How do I get involved in scientific research?

I am a rising HIGH SCHOOL sophomore looking to get involved in scientific research and maybe submit a paper and go to ISEF. Please help me!!! Point me in the right direction!! I'm lost!!! How do i get a mentor???!! can i research what i want or what my mentor is researching???? Where do i go from here???!!!!

2 Answers

  • 1 decade ago
    Favorite Answer

    Hi John: Go on the www and find your nearest university. Locate the chemistry dept, research faculty, and read through what research they're doing on their web pages. Pick out 2 or 3 and email them or better go and see them and discuss working their research lab, initially as a volunteer (there may be insurance issues so I always paid my volunteers a token $250 a month to cover beer money). Do your homework and find out what you can about the research given your limited background, and ask intelligent questions. Make clear that you don't expect to cure cancer (not in the first week at least) and you understand that you will be the gofor and may just be cleaning glassware initially, but you will have your foot in the door. By two weeks you should have established yourself as indispensable to your boss's research effort and you can demand a raise to at least $275 a month. And hopefully you're on your way to the most satisfying career there is: pursuing new knowledge. Oh yes, google Michael Faraday (one of the all time great scientists) and see how he began!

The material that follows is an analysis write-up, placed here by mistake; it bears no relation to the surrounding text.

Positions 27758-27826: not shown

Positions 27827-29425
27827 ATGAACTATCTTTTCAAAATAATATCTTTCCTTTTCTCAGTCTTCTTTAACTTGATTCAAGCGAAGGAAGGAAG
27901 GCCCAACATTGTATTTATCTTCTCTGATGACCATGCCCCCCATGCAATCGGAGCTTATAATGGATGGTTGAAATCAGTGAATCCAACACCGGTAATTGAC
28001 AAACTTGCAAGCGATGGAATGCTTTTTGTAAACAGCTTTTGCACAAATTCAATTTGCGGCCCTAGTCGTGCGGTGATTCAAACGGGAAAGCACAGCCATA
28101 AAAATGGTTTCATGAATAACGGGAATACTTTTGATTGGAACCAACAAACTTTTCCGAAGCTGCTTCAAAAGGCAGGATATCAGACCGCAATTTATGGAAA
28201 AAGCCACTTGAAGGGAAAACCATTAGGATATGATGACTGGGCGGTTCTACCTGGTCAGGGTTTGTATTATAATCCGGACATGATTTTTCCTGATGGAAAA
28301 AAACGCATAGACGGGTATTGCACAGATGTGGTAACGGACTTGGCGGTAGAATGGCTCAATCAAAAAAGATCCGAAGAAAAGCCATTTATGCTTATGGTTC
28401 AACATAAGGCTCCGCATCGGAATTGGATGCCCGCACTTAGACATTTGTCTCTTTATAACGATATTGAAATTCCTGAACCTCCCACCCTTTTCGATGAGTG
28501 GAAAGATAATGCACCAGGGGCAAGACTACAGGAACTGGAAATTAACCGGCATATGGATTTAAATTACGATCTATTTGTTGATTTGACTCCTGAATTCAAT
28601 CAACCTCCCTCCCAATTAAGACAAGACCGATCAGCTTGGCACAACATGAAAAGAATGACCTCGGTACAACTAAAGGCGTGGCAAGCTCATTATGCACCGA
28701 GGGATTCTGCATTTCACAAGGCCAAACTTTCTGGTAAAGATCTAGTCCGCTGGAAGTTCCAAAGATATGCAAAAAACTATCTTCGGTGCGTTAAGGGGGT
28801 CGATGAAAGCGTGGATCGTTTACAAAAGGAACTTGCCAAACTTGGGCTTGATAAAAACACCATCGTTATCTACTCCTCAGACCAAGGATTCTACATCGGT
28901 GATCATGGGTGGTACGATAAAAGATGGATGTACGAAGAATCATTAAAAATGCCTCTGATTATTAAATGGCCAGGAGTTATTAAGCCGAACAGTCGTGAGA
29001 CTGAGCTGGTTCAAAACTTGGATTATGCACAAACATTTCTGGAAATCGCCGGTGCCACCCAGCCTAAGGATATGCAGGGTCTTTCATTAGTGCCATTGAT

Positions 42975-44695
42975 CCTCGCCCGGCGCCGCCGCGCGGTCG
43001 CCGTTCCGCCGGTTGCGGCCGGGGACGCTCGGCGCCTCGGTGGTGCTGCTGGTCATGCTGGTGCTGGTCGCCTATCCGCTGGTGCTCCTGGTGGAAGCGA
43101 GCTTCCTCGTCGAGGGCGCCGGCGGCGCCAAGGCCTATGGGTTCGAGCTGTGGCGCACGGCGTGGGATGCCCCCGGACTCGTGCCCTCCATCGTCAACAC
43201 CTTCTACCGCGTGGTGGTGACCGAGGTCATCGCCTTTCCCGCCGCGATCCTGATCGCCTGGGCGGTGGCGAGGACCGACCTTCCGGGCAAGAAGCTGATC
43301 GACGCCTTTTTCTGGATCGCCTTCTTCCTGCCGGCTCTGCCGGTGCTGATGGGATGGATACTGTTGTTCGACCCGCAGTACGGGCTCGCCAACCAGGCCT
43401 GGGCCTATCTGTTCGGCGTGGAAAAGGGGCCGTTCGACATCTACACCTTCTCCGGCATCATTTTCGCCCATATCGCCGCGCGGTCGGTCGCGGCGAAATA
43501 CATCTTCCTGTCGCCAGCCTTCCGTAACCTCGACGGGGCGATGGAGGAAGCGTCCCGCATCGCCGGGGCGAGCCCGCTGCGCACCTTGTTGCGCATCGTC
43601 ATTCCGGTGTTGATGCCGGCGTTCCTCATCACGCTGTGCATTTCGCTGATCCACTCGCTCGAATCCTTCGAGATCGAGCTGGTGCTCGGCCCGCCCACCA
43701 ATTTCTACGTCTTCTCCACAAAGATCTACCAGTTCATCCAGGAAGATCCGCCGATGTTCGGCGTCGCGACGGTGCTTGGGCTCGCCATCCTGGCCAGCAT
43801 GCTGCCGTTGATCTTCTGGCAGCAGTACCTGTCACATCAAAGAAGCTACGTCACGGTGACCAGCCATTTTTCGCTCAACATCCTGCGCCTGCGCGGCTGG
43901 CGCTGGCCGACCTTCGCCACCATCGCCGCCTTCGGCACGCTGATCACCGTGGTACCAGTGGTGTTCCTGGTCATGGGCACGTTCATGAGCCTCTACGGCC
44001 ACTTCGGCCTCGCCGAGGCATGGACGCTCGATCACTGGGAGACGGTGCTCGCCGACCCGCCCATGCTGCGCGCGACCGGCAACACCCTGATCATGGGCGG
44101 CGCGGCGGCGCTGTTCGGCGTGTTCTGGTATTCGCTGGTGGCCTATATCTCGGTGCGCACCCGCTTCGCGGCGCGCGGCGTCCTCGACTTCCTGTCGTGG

Best wishes for a bright future. dr p

  • 5 years ago

    This is a ridiculous question. All may or may not have some form of bias. Just because a company pollutes and funds climate research doesn't mean that the scientists carrying out the research will doctor their results (although there's a good chance they will to secure future funding). A scientist looking into poaching of his favorite species may be trying to get an honest assessment of the situation, or may be trying to influence laws to further protect the species just because he or she wants more of them around. A pharmaceutical company has a vested interest in the public seeing its drugs as working well, but at the same time that doesn't mean they won't be honest about how well it works (like when it is honestly leaps and bounds better than the competition). Although a biologist may have unbiased research, having it "reviewed" by people who are not experts on the subject will likely cause the reviewers to accept or reject publishing the research based on whatever preconceived ideas they held on it. For the biologist this means that it's either contort your findings to appease the reviewers or you won't get your paper published. If I had to pick one, they probably want D, but it's still just a garbage question in my opinion.

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